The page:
Disclaimer: The following is a work of fan fiction based on Human Target which belongs to Fox.It is in no way intended to infringe on the copyrights of Fox.

Disclaimer: The following is a work of fan fiction based on White Collar which belongs to Jeff Eastin and USA. It is in no way intended to infringe on the copyrights of Jeff Eastin and USA.

With a big  special thanks to  mam711 for  your beta reading, and your editing and all your help and support with this story. It’s been a long journey, but with your help it’s been worth the ride.  All mistakes are mine.

The  picture of “The Thinker” used in the title  banner is from an original work of art by my niece Mary Daniel,

This story is for Eileen, with love and best wishes for the best sister a girl could have, for your encouragement with my writing and for looking after my web site, here’s to the next year, and for Mary for her original art work of “The Thinker,”  used in the title  banner. To Alice and Alec just because I can. Happy New Year Every One.


The Ryan Exchange


Set during the second season of Human Target, and in a White Collar post-season-3 AU.

The art robbery is based on a real-life art robbery featured in the Sky Art series “Art of the Heist”. The methods of the robbery have been copied, and yes, the security really wasn’t that brilliant, which resulted in the loss of three priceless paintings in the mid-eighties.

Warning for implied future OT3 and for implied off screen sexual assault .

Note: The assassination firm that Junior and Guerrero were employed by was founded and ruthlessly run by Joubert, known as the Old Man. 

Main Characters: White Collar Peter, Neal and Elizabeth   Human Target Chance, Guerrero and Winston


Part One


San Francisco

Christopher Chance looked at himself in the reflection of the window: his dark hair was now shot through with gray, and there were more lines on his face than he cared to remember, but he was still in good shape given his 62 years.

But Chance was aware that he didn’t have much longer in the field; he was slowing down, and that could get him killed. Close personal protection was a young man’s game; he had taken on the mantle of Christopher Chance in the 70s, when the previous Christopher Chance had found him, a good cop in a bad situation, drinking himself into an early grave.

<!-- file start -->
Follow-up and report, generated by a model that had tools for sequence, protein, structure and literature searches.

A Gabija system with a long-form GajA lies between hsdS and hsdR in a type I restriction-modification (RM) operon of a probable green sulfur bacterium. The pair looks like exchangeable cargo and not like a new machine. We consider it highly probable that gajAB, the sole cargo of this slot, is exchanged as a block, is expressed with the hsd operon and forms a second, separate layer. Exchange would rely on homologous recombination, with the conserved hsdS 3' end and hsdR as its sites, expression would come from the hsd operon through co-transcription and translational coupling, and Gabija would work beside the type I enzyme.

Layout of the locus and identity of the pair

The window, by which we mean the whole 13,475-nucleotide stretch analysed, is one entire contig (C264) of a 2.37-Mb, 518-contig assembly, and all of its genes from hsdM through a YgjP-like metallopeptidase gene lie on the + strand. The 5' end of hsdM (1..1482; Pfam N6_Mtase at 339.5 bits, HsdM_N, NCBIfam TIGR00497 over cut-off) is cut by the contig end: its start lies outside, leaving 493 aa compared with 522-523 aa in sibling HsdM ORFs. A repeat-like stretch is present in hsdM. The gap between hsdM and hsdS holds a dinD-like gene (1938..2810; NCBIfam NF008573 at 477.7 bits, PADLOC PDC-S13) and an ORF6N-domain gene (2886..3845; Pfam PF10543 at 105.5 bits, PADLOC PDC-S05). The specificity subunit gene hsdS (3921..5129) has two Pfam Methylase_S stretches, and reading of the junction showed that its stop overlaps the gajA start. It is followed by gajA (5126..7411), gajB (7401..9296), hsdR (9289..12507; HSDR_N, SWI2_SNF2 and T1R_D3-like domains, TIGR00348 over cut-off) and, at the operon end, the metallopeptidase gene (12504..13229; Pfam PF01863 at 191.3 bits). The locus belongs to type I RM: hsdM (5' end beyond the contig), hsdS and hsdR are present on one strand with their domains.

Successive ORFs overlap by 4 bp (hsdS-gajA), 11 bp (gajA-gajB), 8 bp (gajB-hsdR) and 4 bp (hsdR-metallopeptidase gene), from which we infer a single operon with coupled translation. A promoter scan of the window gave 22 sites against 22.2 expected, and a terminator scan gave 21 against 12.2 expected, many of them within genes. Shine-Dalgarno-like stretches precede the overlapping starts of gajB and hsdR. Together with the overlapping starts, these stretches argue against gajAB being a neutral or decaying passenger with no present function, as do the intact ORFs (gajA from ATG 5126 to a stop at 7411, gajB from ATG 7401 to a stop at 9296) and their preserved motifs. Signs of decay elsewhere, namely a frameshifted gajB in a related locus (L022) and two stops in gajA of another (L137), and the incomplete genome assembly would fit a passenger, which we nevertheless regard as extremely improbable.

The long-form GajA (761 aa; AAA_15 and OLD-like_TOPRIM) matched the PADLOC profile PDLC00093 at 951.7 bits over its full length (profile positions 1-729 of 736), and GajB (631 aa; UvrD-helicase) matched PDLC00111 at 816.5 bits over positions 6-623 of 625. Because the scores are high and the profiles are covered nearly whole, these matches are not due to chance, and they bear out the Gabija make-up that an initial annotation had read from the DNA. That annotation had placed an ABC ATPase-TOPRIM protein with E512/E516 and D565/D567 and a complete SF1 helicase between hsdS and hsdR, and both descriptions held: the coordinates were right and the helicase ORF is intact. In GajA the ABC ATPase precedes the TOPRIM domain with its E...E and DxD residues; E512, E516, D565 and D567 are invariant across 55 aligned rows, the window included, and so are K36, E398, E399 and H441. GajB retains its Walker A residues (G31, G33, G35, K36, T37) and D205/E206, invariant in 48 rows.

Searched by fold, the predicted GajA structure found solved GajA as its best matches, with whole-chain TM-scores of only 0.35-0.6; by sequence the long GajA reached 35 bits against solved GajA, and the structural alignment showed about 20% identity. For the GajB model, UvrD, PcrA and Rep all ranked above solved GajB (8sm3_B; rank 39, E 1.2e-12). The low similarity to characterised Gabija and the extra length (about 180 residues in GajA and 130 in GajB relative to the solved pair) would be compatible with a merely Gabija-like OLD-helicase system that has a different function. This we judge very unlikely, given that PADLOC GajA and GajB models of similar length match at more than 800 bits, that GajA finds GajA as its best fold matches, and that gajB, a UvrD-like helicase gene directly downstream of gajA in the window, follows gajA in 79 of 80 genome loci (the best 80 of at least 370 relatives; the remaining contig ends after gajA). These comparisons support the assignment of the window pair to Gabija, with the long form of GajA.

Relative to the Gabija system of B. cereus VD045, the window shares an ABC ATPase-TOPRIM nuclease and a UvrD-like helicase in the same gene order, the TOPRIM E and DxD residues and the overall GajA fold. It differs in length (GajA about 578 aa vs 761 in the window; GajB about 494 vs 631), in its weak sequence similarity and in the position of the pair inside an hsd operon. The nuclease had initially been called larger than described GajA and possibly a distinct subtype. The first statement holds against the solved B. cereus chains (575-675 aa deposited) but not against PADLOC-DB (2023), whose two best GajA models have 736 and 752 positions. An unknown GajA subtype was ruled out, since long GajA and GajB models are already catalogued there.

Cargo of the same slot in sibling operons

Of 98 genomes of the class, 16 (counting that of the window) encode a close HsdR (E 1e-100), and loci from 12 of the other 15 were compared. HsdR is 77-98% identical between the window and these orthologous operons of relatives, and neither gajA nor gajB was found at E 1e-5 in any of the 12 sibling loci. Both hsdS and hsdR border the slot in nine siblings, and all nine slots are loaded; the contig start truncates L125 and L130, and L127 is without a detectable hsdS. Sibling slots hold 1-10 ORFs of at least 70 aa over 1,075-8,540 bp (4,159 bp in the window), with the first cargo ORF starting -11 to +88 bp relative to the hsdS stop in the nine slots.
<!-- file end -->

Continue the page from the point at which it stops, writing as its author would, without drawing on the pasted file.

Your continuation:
That Christopher Chance had offered him a way to find redemption, and had passed on the creed that he lived by: “no one deserved to die,” along with his name when he retired.

Thirty-four years on, he liked to think that he had made—like the others Christopher Chances before him—a difference. But how long could he continue to do this job?  He needed to find himself a replacement, but where and who?

Just then his thoughts were interrupted as the young secretary came out of the office. “Mr. Pucci will see you now, sir.” She led him in, closing the door behind him as he entered.

Chance looked around the office critically, almost bored by its ostentations; if this client thought he was going to be impressed, he would be sadly mistaken. The man might be richer than Solomon but he was still a man with a problem, and rich or poor, that was where he came in.

The client was at least straight to the point, “As my associate told you, there has been an attempt on my life; I have reason to believe that they will not stop until I am killed, so it is only a matter of time before they are successful.

"I accept threats like this; it is the price for doing business in some of the places that my Foundation works. But they could target my future wife. I need them stopped,” Marshal Pucci said.

Chance had taken away the CCTV footage and the reports on the attempted assassination bid and that night has sat down with Martha May Travis, an old friend and expert with a computer, and she had processed the raw footage from the CCTV cameras.